As summarised by both Ellen & Jake, it’s important to recognise that stress affects us all, and by initiating and taking part in more of these conversations, together as a community we can break down barriers and combat stress as a collective to really drive home the message “it’s okay to not be okay”.

As part of the Human Factors programme at the Cyber Quarter in Hereford, we show people the formula to teach people how to make significant changes in their brain and body to help combat stress. To learn more, please complete an enquiry or send a direct email to our Human Factors Specialist, Ellen Kay: e.kay@wlv.ac.uk

Stress Awareness Month – The impact of stress & tips for dealing with it

Cybersecurity stress has been described as an industrywide epidemic amongst many cyber and security professionals. Talking about stress can be a difficult conversation for many, however, it is important to address workplace stress before its consequences affect both people and the business.

Stress can be one of the biggest underrated insider threats to a business. According to CIISec’s 2020/2021 State of Profession report, 557 security professionals have said that stress has become a major issue due the COVID-19 pandemic, with 80% also saying they have seen first-hand the effects of stress on their staff. These figures are a significant concern as it’s been shown that people are more vulnerable to the attempts of cyber criminals whilst feeling stressed. A Cyberchology (2020) report found that when stress levels are heightened, staff members are more likely to panic and potentially click on a malicious link or fail to report any security breaches to their IT team.

Workplace stress is becoming such an issue that, according to VMware’s 2021 Global Incident Response Threat Report, 65% of cyber professionals have said that they have considered leaving their job because of stress and CIISec’s 2020/2021 report states that 51% of cybersecurity professionals are kept up at night due to the stress of their job.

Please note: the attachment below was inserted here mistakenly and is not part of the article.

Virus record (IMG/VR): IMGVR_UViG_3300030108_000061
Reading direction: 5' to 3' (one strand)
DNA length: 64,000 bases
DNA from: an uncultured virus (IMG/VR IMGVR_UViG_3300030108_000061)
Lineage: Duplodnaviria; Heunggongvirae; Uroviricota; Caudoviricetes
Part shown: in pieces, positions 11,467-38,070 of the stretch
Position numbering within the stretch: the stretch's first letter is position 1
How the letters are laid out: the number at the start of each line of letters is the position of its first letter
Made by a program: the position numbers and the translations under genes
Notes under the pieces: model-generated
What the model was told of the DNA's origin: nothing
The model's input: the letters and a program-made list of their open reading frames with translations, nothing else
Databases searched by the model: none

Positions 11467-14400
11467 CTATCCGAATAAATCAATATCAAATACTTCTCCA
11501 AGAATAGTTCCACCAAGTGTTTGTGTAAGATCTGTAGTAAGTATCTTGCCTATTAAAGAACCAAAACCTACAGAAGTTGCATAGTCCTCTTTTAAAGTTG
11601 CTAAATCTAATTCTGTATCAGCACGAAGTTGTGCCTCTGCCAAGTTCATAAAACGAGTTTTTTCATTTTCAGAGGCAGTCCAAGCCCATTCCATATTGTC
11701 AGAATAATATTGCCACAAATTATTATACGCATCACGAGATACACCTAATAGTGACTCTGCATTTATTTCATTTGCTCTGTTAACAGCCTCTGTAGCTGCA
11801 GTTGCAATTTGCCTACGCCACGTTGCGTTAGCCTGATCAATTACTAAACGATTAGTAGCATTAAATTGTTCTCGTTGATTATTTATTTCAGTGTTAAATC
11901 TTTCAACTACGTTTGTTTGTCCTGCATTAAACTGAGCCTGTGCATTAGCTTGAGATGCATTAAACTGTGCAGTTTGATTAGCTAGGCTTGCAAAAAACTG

The facts and figures are clear that stress is a serious topic in the cyber community that needs to be more thoroughly addressed. Therefore, we asked our Human Factors Specialist, Ellen Kay, for her top tips for dealing with workplace stress and how we can spot signs of stress in others:

“I want to talk to you about one of the most common things in the workplace that break down teams and organisations around the world.

I’ve worked with MANY different companies, corporations, upper management and human resources, and they’re always talking about the impact of stress in their businesses. Stress is when your brain and body are knocked out of homeostasis. The stress response is what your body innately does to return itself back to order.

All organisms in nature, every creature, can tolerate short-term stress. But when the stressors add up and people keep reacting to threats and conditions in their external environment over and over again, they’ll keep their brain and body out of balance. And as a result, a system is going to break down. That means, individuals are going to break down. Teams are going to break down. Because no organism can live in emergency mode for an extended period of time.

Living in emergency means living in stress. And living in stress is living in survival. And what are the effects of that?

It turns out that the main cause of absenteeism in companies and organisations, has to do with stress and anxiety related problems that add to health problems. Over 75%of people who walk into a healthcare facility in the western world, walks in because of emotional and psychological stress. This emotional and psychological stress ultimately leads to other conditions and health problems, which cause people to be more sick. As a result, people become less creative, less innovative. They’re less productive and produce fewer outcomes. They communicate less and they’re less engaged in the workplace.

This has a direct effect on profits and growth in a business. They also tend to be more sick, and tend to be more competitive in a way that does not add real value to the business, they are more resistant to change, they’re more hostile, more resentful, more anxious and more depressed. They add to the toxic environment that they’re reacting to, which then causes the environment to become more stressed, which causes people to become more reactionary. And the cycle continues. It’s a huge problem all over the world.

It turns out that there’s a way to teach people how to make significant changes in their brain and body, and it’s actually a formula. The Human Factors offering at Cyber Quarter teaches this formula, and I want to share some of that information with you. Are you looking after your organisation, are you looking after your people, are you looking after you?”

To learn more about the impacts of stress and your business, sign up for our three upcoming Human Factors Briefings. Follow the links below to register your interest:

25th April – https://lnkd.in/dxvZ5ZCR
26th April – https://lnkd.in/dmJUm5Nn
27th April – https://lnkd.in/dvcaicPd